Vanessa Kisuule tackled racism in her poetry

Gerry Farrell: Wham, bam thank you Slam

We were loitering with intent

Spud (Ewen Bremner), Renton (Ewan McGregor), Sick Boy (Jonny Lee Miller) and Begbie (Robert Carlyle) in Trainspotting

Gerry Farrell: The wildest night out since the 21st of Gray

A fortnight ago, we escaped from the Edinburgh Festival, swapping media luvvies, Royal Mile flyer-hander-outers, litter, diesel fumes, guide-led tourist crocodiles and moustachioed unicyclists for empty beaches, clouds and sunshine, spouting whales, single-track roads, signs in Gaelic and some big stones that just stood in a field doing nothing.

Fionn Whitehead waits for rescue in Dunkirk

Gerry Farrell: My family and other party animals

How many cousins have you got? We’ve got 30 – and that’s just on my mum’s side – the Murrays.

Will Young is touring the summer festivals talking about the benefits of meditation. Picture: Tom Van Schelven

Gerry Farrell: I’d like to offer you a peace of my mind

You’ll fork out three quid for a cappuccino but how much would you pay for peace of mind? Honest, I’m not selling you ­insurance but I did notice that back in April, financial giant Standard Life started offering their staff free ‘mindfulness meditation’ classes. One in five American companies already do the same. Mindfulness isn’t just for Buddhist monks and happy-clappy hippies. Everybody’s doing it.

Studio 24 is to close after 22 years as a music venue

Gerry Farrell: End of an era...or end of an earache?

Another one bites the dust. Edinburgh’s live music venues seem to be melting away like Fab ­lollies in a heatwave. ­Studio 24 rocked Calton Road for 22 years; in three days, it’ll be gone forever. That’s how it is – as music changes, venues change.

The Leith community comes out in force for the port's gala day parade at the weekend. Picture: Lisa Ferguson

Gerry Farrell: Cast your vote in favour of saving Leith Decides Day

The election’s over. Britain’s leadership is in tatters. Nothing has been decided. It’s at times like this we should forget the “big picture” and look at the small picture. Because it’s the small things we decide to do for ourselves in our own communities that really matter. Right now I couldn’t care less what Westminster decides. I care what Leith decides.

Fidget spinners have captivated kids on both sides of the Atlantic. Picture: John Devlin

Gerry Farrell: Kids today have got a finger on the pulse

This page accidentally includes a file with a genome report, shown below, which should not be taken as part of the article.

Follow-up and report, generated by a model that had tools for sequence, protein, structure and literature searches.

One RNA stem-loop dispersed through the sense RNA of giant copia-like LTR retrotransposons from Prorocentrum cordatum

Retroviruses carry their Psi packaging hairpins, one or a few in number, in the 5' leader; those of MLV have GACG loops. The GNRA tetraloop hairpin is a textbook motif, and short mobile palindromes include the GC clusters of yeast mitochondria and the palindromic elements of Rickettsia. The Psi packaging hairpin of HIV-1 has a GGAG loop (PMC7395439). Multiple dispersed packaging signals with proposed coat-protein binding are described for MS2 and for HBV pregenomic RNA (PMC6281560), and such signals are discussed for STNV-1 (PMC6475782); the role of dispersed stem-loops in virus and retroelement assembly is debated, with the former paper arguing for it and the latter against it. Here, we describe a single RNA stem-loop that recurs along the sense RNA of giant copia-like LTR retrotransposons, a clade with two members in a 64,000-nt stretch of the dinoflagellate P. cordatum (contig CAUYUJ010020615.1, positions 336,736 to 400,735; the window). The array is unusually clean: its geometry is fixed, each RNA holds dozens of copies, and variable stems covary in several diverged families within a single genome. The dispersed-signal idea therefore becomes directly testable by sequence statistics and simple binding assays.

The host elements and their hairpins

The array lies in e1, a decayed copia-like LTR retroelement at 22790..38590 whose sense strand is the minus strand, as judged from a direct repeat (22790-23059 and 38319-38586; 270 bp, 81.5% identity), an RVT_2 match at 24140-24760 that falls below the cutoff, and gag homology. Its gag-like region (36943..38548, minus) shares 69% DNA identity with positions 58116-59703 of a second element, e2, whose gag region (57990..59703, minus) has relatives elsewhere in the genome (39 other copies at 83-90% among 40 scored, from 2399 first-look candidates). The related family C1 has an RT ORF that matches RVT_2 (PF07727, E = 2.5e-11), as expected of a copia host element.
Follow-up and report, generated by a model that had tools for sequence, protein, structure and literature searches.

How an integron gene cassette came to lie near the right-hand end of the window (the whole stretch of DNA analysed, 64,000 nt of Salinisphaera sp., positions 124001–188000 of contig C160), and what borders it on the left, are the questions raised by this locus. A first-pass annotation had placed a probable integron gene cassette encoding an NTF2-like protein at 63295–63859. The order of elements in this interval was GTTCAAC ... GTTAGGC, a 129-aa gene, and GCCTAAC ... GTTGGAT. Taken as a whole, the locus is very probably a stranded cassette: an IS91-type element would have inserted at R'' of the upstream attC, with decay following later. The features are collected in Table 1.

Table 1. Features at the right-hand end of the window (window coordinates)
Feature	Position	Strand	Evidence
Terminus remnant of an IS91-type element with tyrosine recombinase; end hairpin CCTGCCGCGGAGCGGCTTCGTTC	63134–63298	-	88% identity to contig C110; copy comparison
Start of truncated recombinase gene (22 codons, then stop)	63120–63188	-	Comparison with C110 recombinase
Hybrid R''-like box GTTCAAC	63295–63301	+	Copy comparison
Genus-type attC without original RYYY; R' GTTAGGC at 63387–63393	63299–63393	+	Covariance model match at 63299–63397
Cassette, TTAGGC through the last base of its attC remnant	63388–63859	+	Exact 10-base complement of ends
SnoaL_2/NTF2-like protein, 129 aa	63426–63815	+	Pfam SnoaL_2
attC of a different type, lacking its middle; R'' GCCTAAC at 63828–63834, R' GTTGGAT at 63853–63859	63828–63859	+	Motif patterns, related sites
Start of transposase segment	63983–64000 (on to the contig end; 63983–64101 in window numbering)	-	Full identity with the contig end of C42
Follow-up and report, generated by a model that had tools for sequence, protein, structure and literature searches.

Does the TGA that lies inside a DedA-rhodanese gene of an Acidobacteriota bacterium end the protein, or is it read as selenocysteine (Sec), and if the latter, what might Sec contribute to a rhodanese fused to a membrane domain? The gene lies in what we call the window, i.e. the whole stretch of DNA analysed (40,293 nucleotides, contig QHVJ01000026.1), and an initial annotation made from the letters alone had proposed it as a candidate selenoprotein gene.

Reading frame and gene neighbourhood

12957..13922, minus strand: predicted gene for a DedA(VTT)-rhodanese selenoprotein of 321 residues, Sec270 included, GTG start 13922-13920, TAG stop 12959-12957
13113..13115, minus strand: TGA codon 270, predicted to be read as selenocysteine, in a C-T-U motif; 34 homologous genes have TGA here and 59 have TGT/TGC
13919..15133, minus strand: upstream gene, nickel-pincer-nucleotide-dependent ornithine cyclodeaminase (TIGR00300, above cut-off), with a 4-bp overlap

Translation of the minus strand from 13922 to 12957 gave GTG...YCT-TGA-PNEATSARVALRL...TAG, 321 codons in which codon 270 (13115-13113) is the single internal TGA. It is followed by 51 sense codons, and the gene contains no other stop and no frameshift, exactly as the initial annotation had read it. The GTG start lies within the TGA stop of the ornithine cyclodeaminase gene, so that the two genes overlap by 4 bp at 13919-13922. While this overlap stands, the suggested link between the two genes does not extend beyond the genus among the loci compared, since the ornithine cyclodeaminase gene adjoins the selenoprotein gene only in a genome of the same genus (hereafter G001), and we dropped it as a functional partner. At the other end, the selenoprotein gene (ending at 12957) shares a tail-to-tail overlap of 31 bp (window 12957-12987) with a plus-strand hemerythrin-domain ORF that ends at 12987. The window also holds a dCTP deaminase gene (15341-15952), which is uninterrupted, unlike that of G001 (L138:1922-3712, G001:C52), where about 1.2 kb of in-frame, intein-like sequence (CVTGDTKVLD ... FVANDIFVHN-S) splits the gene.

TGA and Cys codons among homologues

I swear I won’t be writing anything about Theresa May’s entirely pointless election tomorrow. I’m sure you’re all as frazzled as I am with the hot air that’s been blown in our faces for the last couple of months. If so, I have a suggestion for you. Turn off the telly and all your distracting social feeds and buy yourself a fidget spinner. (Or a ‘spidget finner’, as my wife called it the other day.) If you don’t know what a fidget spinner is you must be living in a child-free zone or cowering in a lead-lined nuclear bunker waiting for the Apocalypse.

Even this massive burger would be no match for the Chompie variety encountered by Gerry in Arizona. Picture: Getty

Gerry Farrell: Supersize me.. and everyone else in the US

There were two mirrors in our Phoenix motel room. One presented us with a flattering, slimline profile, the other one told the truth. We had both put on at least half a stone during our two-week American adventure.

Americans have lots of reasons to be proud of their country. Picture: Getty

Gerry Farrell: America’s great but be grateful for the NHS

There’s a lot wrong with the United States of ­America but there’s a lot right with it too.

ME sufferer Emma Shorter

Gerry Farrell: Why are you ignoring ME, Ms Robison?

The Edinburgh girl I’m ­interviewing today doesn’t want you to feel sorry for her. She wants you to feel angry. Emma Shorter, 23, is one of Scotland’s 21,000 ME sufferers. ME stands for “myalgic encephalomilitis” and is a systemic neuro-immune disease. The lazy name it’s been given is chronic fatigue syndrome. In the 80s, it was mockingly called ­yuppie flu in the media and sufferers were dubbed skivers.